Six closer possibilities for 2005

This winter's free-agent crop provides slim pickings.

Originally Published: November 8, 2004
By Jerry Crasnick | ESPN Insider

The Boston Red Sox addressed their ninth-inning blues with checkbook diplomacy last December, spending $21 million over three years to lure closer Keith Foulke from Oakland. A busted curse and a championship parade later, they're glad they did.

The New York Mets took a subtler, more cost-efficient approach to filling the void at the end of their bullpen, waiting until the Dec. 20 tender deadline passed and signing Braden Looper after Florida cut him loose. Looper converted 29 of 34 save opportunities and was a prudent investment for a franchise that hasn't had many of late.

There's no telling where you'll find a closer. Minnesota scored a hit by acquiring Joe Nathan in a trade with San Francisco during the 2003 general managers' meetings. The Blue Jays figured someone would emerge from the trio of Justin Speier, Terry Adams and Kerry Ligtenberg. They figured wrong.

This winter's free-agent crop provides what one National League coach calls "slim pickings," so teams in need of help will peruse the list, then figure if they're better off going with a Plan B – maybe promoting a setup man or dipping into the minors, as the Expos did with Chad Cordero this year.

"Closers are discovered most of the time out of necessity," said Ned Colletti, Giants assistant general manager. "So many of them started with a different role, and developed into it or were given an opportunity or relished the chance. There might be guys on our 40-man roster right now that are closers who just haven't had the opportunity."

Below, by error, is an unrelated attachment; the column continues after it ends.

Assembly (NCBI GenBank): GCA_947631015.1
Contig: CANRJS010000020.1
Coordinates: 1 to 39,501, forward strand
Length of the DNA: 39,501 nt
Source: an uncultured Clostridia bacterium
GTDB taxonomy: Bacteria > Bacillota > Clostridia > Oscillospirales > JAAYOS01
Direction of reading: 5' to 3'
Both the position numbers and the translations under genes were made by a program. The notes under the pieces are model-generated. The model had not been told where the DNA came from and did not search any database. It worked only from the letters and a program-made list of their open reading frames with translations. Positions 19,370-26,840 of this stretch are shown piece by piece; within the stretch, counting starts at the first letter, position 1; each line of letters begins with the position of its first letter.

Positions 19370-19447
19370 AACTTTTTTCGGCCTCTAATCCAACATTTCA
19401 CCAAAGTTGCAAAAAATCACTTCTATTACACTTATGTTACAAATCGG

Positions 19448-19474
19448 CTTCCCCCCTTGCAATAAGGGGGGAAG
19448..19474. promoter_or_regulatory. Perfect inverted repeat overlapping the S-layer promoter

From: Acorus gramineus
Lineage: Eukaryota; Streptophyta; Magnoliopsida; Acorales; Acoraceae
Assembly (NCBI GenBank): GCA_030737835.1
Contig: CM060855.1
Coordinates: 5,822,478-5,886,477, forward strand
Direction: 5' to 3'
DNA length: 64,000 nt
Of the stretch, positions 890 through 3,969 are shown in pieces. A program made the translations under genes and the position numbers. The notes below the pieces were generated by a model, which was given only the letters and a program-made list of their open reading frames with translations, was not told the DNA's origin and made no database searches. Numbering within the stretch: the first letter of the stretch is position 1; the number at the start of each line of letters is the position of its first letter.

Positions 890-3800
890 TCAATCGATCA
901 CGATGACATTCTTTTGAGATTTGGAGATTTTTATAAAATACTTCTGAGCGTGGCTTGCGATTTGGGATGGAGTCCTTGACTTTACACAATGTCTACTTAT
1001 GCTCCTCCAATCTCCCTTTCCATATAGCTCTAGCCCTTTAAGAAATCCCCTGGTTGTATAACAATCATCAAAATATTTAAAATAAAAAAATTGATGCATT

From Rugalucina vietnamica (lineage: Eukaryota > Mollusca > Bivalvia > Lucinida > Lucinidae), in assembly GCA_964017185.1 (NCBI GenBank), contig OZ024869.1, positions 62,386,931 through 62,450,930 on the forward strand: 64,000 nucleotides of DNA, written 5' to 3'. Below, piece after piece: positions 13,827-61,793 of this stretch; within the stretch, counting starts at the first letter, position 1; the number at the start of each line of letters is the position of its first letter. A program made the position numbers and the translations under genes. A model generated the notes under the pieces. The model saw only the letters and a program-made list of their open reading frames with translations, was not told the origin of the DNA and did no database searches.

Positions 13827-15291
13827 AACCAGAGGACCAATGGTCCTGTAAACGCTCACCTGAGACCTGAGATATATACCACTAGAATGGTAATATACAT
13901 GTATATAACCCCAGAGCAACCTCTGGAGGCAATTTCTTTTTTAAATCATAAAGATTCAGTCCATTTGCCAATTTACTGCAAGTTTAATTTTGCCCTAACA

Most top-tier clubs – like Boston, the Yankees, Anaheim, Los Angeles, St. Louis, Houston and the Twins – are set at closer heading into the offseason. But a few are ready to nibble.

The Braves will have to improvise if circumstances conspire to send John Smoltz back to the rotation. The Giants would love a big-time closer if they can swing it financially. The Cubs are looking at several options, from LaTroy Hawkins to Ryan Dempster to Joe Borowski to maybe Troy Percival. And Cleveland GM Mark Shapiro wants to make sure his team doesn't play itself out of the American League Central race by blowing 28 saves again next year.

Among the non-contenders, Toronto, Detroit, Pittsburgh and Colorado have potential bullpen identity crises to resolve over the next few weeks.